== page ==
Anthropogenic Heat Flux Will Affect Global Warming


Examination of 420,000 years old ice cores shows a close relation between temperature increase and CO2-concentration increase. During the industrial era a new energy component appears, Anthropogenic Heat Flux, and a part of that energy will accumulate in Earth climate system and become an essential part of global warming.

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Lindgren, M. (2021) Anthropogenic Heat Flux Will Affect Global Warming. Atmospheric and Climate Sciences, 11, 563-568. doi: 10.4236/acs.2021.113034.

1. Introduction

The common opinion is that increasing CO2-concentration in the atmosphere is the main reason for increasing mean global temperature [1] [2] [3] [4], and the Anthropogenic Heat Flux (AHF) will not cause global warming, but there are reports saying AHF must be considered [5] and there are reports saying heating from CO2 is much less than expected [6]. To find out the relation between increasing CO2-concentration and increasing temperature historical data will be analysed, mainly from ice core examination. An important question will be whether a part of AHF will accumulate in Earth climate system and thus become a reason for global warming.

2. Relation between Increasing CO2-Concentration and Increasing Temperature

Information of temperature and CO2-koncentration in air from Vostok ice core examination [7] [8] and other similar examinations are important for understanding of global warming. In the Vostok ice core examination a period of 420,000 years from now has been analysed with high resolution.

As can be seen from Figure 1 maximum temperature and maximum CO2-concentration occurs at −325,000, −240,000, −125,000 years from now. Time for minimum temperatures and minimum CO2-concentration are timepoints when temperature and CO2-concentration start to increase towards the following maximum point. ΔT is the difference between maximum and minimum values for temperture and ΔCO2 is the difference between maximum and minimum values for CO2-concentration.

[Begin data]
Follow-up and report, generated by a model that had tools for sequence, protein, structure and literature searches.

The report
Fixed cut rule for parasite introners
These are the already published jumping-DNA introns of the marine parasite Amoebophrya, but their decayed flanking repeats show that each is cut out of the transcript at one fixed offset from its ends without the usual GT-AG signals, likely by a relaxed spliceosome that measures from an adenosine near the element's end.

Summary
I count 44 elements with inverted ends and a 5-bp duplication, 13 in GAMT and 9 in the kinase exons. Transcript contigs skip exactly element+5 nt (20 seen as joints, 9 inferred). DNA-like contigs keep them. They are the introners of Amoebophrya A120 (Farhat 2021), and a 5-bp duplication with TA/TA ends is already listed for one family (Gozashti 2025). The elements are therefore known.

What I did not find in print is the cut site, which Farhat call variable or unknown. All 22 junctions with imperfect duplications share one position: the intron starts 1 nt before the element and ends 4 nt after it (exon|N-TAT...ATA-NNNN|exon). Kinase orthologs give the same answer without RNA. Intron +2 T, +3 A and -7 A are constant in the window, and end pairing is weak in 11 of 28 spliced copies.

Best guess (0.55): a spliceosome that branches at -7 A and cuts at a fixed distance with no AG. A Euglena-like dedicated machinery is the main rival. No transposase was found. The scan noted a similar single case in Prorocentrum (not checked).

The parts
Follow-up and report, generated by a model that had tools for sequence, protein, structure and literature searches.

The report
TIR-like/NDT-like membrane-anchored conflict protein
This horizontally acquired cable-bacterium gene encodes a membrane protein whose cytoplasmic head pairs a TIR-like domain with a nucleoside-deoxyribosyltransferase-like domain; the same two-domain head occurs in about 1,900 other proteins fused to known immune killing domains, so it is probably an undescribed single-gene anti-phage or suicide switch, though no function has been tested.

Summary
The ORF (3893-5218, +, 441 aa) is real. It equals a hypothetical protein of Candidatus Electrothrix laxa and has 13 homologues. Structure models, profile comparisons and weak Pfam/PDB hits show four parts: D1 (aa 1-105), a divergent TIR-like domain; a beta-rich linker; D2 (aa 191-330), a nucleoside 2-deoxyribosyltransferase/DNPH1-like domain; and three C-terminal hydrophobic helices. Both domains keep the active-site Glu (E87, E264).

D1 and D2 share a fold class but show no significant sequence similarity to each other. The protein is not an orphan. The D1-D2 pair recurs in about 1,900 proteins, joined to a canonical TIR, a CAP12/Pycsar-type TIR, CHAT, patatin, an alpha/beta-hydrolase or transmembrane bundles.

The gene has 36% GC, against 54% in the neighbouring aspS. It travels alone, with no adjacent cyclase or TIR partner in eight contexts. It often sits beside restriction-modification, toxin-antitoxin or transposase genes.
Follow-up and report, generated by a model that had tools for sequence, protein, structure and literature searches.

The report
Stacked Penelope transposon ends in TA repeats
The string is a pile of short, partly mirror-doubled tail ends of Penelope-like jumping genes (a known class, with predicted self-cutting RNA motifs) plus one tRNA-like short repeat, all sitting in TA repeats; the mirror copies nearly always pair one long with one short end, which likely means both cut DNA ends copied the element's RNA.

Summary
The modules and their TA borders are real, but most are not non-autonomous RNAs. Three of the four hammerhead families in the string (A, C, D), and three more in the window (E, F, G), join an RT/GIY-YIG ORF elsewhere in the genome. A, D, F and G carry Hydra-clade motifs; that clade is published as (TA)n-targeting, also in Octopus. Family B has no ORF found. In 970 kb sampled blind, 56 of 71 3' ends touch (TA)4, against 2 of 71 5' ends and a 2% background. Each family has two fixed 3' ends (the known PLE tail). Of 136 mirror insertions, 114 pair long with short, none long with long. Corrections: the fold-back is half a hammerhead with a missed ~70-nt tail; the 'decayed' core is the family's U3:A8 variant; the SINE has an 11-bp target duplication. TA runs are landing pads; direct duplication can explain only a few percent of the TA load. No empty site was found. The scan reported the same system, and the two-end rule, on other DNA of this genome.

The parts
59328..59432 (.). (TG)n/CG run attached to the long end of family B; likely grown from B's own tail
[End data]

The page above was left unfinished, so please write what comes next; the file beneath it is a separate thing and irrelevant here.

The relation ΔT/ΔCO2 is close to 0.12 ˚C/ppm for the three periods including maximum points for temperature and CO2-concentration during 420,000 years (Table 1). This relation is very clear.

If this relation is applied to actual time, from 1970 until today, when the CO2-concentration has increased from 320 to 420 ppm according to the Keeling curve [9] and the global surface temperature has increased 1.0˚C according to NASA GISS [10], there will be two different ways to use the relation ΔT/ΔCO2 = 0.12.

Figure 1. Vostok ice core record.

Table 1. Relation between ΔT and ΔCO2.

1) increasing CO2-concentration will increase temperature;

2) increasing temperature will increase CO2-concentration.

The first case will give an expected temperature increase of 12˚C but temperature increase is only 1.0˚C, fortunately, so there is no support for this case.

The second case will give an expected increase of CO2-concentration 8 ppm but the increase is in fact 100 ppm, so there is no support for this case either. The experience from 420,000 years will not explain the situation we have today. The reason for this is an important difference compared to 420,000 years before. Now we are several billions of people using our cars, heating our buildings, working in industries using fossil energy for production. Figure 1 demonstrate that ΔT/ΔCO2 = 0.12 applied for 420,000 years but that is not the case now. We know that using fossil energy will bring CO2 to the athmospere but if ΔT/ΔCO2 = 0.12 not will apply now, why global warming?

3. Anthropogenic Heat Fux